Stand-up comedy can be a tough business, and it’s a male-dominated preserve.
However, the likes of Bridget Christie, Claudia O’Doherty and Dana Alexander are attempting to redress the balance with their turns at the Edinburgh Festival.
Sue Perkins will be spotlighting their talents, as well as chatting to Lucy Porter, Jo Caulfield, Andi Osho and Shappi Khorsandi.
They all reveal how and why they got into comedy, along with one of British showbusiness’s most reliable funny women, Jo Brand.
She made her TV debut on Friday Live in 1986, and admits it was a baptism of fire.
“It was terrifying! It was the most surreal experience,” she recalls. “I was in a dressing room with The Pogues on one side and Mark Thomas on the other side. The Pogues had a fight while I was trying to talk to the producer, and you could just hear chairs smashing on heads and stuff like that, and from the other side Mark Thomas was negotiating about what language he could use for the show.”
It didn’t help when one of the audience decided to have a go, which almost derailed her set.
“The worst thing for me on the whole show was when someone heckled me half way through the performance, and because it was live I was like a rabbit in the headlights and I just didn’t know what to do.”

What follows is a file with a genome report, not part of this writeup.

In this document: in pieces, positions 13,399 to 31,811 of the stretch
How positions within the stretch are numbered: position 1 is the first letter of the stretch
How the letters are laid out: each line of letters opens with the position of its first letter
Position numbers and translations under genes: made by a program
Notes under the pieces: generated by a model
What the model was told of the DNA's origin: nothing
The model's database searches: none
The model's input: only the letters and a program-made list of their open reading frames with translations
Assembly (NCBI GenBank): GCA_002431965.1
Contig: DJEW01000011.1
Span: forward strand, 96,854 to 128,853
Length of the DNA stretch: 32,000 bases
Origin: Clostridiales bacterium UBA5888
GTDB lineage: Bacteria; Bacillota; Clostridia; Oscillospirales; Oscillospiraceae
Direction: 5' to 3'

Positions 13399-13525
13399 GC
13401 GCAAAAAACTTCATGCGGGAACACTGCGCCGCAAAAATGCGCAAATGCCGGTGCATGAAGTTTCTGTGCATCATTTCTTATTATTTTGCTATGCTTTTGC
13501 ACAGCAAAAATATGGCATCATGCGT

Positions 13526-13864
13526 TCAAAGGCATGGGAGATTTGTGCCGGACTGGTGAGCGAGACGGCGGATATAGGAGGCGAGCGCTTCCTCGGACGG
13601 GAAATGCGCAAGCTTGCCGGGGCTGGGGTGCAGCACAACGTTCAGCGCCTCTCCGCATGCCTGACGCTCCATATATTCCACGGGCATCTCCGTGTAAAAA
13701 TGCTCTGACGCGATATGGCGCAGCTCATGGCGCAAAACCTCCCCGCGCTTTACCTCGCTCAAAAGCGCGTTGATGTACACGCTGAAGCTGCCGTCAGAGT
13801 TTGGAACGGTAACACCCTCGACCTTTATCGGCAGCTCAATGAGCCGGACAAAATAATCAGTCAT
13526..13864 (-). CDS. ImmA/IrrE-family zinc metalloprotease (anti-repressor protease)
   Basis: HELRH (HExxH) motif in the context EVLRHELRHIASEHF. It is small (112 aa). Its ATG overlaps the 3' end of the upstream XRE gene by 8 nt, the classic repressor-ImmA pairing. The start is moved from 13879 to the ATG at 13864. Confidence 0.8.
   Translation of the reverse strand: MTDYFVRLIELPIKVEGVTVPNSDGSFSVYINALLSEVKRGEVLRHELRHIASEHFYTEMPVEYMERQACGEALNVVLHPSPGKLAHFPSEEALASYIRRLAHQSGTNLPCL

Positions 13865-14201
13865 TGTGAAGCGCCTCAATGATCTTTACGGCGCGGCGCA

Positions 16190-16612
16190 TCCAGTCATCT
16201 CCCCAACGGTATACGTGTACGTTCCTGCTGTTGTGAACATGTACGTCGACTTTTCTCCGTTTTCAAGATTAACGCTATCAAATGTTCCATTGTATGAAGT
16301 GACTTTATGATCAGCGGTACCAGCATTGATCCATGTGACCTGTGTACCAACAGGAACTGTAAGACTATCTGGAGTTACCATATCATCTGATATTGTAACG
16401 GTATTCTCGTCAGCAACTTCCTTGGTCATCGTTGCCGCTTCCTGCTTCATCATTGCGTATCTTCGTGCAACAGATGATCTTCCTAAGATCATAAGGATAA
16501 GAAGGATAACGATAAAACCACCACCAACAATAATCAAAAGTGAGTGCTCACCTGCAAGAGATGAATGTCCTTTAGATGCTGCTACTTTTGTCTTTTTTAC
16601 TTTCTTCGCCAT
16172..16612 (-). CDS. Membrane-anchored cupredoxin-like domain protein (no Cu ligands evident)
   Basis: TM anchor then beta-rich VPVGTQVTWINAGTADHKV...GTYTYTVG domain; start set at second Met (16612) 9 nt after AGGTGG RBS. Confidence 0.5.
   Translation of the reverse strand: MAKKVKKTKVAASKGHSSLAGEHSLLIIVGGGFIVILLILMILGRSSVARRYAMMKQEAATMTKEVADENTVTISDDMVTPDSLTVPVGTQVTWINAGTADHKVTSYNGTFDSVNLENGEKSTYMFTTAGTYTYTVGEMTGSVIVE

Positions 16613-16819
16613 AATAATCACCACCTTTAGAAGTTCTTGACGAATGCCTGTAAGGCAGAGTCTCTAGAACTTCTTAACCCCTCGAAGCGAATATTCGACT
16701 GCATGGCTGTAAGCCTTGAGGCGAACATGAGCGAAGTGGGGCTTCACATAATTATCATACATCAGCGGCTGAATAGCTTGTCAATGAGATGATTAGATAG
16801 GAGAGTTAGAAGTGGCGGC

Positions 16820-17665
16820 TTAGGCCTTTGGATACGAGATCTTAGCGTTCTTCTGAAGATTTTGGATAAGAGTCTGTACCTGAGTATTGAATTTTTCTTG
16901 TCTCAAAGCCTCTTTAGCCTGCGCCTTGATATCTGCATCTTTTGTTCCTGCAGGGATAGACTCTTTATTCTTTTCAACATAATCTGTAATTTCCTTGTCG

If she could go back in time and give herself a piece of advice, what would it be?
“I would say: ‘Don’t be naïve,’ probably to my younger self, because in the very early days when things were starting to take off a bit I listened to advice from other people or did interviews where I thought I absolutely had to do what I was told. I don’t mean in the sense that I kind of changed into a hideous showbiz monster that won’t do anything, but I let myself be persuaded to do things that I wish I hadn’t done in some ways.
“My major aim always is, I think - [that] you can do political jokes, or you could do any sort of joke you want and preach to people - but the absolute rule is it’s got to be funny,” she explains.